Thus, I argue that, just as British sovereignty did not wipe away Aboriginal title, neither did it wipe away Aboriginal jurisdiction. Aboriginal government under the full body of Aboriginal customary laws, must by the same logic as the discovery of native title at common law, survive annexation of Australia by the Crown, even if in some qualified way:

The plain denial of justice in the suppression of Aboriginal customary laws and jurisdiction results from the one-dimensional notion of sovereignty that has developed as a defence of the indefensible.

Let me explain what I see as the relevance of treaties to this continuing dispute in Australian society about Indigenous people. I will first consider the nature of treaties; second, the historical uses and characteristics of treaties; third, the history of agreement-making between Indigenous and non-Indigenous Australians; fourth, the debates about a treaty in Australia; and finally, the issues of relevance to our society in this account of treaty-making. [Read the lecture in full and complete Treaty Talks given at the ESORA and NAIDOC Week Forums Treaty! Let’s Get It Right!.]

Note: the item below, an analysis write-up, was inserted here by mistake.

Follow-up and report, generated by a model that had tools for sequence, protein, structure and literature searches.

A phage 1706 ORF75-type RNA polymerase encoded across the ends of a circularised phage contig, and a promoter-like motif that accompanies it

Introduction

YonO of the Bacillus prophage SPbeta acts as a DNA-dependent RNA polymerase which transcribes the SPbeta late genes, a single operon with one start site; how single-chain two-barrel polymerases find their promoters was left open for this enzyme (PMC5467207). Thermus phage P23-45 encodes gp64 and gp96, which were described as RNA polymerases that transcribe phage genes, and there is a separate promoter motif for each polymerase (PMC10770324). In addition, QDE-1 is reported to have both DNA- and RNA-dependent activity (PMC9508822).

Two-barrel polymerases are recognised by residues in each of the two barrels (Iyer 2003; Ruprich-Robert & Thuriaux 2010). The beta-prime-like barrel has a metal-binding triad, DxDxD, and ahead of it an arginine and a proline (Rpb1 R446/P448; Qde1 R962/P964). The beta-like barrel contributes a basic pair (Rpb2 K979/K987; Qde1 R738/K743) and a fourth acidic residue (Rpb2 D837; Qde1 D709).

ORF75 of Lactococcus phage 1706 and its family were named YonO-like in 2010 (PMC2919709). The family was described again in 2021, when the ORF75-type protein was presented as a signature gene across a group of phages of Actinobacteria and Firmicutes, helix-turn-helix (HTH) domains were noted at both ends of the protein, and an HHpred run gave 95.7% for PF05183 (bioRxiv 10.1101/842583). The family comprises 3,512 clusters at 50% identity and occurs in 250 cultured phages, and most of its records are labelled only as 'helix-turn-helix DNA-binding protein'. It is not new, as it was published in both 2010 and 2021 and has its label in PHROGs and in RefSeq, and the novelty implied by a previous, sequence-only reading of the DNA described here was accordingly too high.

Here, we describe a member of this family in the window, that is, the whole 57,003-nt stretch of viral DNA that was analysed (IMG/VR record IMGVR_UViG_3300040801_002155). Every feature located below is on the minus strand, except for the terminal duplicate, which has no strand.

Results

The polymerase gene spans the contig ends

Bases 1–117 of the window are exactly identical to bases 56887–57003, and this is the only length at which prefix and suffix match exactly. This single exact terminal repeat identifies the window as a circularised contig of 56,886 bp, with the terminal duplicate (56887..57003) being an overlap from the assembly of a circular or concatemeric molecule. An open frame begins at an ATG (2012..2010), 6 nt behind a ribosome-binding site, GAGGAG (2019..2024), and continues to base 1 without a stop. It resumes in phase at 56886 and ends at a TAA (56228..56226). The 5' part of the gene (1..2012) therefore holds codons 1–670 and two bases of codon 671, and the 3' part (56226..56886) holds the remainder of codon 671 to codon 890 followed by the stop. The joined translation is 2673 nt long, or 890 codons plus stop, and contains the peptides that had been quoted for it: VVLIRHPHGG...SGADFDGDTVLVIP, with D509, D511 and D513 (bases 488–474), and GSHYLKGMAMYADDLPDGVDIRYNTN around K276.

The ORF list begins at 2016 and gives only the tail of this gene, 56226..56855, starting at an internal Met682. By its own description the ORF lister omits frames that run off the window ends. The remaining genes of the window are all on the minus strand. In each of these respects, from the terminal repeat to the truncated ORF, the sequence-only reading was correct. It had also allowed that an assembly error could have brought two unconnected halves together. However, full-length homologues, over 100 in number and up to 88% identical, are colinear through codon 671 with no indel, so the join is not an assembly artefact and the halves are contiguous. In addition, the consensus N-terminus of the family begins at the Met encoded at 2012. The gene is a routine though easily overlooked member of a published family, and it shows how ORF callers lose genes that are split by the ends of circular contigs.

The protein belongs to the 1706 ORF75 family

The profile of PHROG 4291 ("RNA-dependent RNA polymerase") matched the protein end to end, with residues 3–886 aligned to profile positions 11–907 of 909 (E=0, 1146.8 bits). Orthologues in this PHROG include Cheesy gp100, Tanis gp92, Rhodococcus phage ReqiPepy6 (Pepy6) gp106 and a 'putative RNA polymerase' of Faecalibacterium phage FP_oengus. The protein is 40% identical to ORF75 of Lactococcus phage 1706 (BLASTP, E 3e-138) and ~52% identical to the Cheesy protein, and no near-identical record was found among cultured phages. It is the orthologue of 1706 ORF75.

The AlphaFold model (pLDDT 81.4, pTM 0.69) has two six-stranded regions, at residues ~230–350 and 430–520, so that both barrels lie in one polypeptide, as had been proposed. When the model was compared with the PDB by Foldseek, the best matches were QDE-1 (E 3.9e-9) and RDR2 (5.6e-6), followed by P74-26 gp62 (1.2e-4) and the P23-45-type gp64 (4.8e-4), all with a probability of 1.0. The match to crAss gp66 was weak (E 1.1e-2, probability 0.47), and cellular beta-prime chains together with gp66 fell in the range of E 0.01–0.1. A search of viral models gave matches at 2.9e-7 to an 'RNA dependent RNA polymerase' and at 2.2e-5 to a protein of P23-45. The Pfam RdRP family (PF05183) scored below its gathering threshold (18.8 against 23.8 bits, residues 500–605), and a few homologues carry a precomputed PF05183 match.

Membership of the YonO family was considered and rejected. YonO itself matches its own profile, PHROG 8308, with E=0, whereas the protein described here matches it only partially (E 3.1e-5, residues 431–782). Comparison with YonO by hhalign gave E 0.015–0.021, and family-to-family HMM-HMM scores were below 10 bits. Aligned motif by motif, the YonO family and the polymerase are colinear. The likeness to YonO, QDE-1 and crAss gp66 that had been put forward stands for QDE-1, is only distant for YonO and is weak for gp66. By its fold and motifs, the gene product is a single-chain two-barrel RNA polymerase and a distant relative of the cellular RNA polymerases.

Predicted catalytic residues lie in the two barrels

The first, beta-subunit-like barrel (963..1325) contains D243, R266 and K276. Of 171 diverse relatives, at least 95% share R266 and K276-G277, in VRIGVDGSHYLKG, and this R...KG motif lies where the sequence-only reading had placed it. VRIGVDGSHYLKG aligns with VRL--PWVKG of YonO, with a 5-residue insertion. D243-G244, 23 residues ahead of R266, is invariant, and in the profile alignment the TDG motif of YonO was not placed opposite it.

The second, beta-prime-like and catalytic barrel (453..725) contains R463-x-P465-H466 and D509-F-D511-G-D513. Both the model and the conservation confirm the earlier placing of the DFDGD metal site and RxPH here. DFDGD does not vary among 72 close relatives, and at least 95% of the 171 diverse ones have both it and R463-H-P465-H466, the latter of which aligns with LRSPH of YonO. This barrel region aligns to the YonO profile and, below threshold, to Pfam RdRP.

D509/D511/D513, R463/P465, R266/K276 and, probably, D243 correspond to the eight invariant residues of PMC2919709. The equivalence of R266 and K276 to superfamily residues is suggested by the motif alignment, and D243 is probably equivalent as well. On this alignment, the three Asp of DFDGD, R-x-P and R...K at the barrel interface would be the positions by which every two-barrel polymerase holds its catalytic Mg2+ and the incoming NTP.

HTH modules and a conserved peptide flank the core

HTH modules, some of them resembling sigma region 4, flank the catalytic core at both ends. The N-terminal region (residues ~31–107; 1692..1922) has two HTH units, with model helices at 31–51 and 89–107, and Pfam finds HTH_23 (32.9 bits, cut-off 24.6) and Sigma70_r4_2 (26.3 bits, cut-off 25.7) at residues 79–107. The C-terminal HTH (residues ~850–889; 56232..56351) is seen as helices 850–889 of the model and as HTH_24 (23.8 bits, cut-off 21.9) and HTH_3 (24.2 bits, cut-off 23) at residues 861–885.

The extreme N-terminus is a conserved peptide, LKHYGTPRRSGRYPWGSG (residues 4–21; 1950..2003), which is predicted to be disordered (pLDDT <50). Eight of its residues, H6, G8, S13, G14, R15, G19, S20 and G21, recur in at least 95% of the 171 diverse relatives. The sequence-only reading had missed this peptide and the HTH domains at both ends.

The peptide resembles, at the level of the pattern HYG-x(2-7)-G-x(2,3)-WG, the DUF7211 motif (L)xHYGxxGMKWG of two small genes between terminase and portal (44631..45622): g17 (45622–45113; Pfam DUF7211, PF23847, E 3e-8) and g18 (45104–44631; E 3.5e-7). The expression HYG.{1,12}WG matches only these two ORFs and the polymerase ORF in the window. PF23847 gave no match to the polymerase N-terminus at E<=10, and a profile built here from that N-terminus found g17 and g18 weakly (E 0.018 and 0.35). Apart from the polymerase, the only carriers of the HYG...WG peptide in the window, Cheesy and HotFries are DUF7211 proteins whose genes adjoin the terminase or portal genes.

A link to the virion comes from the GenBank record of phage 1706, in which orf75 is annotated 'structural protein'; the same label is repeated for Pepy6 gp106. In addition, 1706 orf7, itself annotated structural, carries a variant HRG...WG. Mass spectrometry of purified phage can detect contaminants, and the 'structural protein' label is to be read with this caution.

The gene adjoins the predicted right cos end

Marcia Langton
Foundation Chair of Australian Indigenous Studies

Professor Marcia Langton AM is an anthropologist and geographer, and since 2000 has held the Foundation Chair of Australian Indigenous Studies at the University of Melbourne. In 2016 Professor Langton was honoured as a University of Melbourne Redmond Barry Distinguished Professor. In further recognition as one of Australia’s most respected Indigenous Academics Professor Marcia Langton AM was in 2017 appointed as the first Associate Provost at the University of Melbourne

She has produced a large body of knowledge in the areas of political and legal anthropology, Indigenous agreements and engagement with the minerals industry, and Indigenous culture and art. Professor Langton’s 2012 Boyer lectures titled: The Quiet Revolution: Indigenous People and the Resources Boom is one of her contributions to public debate, and have added to her influence and reputation in government and private sector circles. In 1993 she was made a member of the Order of Australia in recognition of her work in anthropology and the advocacy of Aboriginal rights. Professor Marcia Langton is a Fellow of the Academy of Social Sciences in Australia, a Fellow of Trinity College, Melbourne and an Honorary Fellow of Emmanuel College at The University of Queensland. And in 2019 was the Indie Book award winner for Illustrated Non-Fiction for her book Welcome to Country, a curated guide book to Indigenous Australia and the Torres Strait Islands published by Hardie Grant Travel.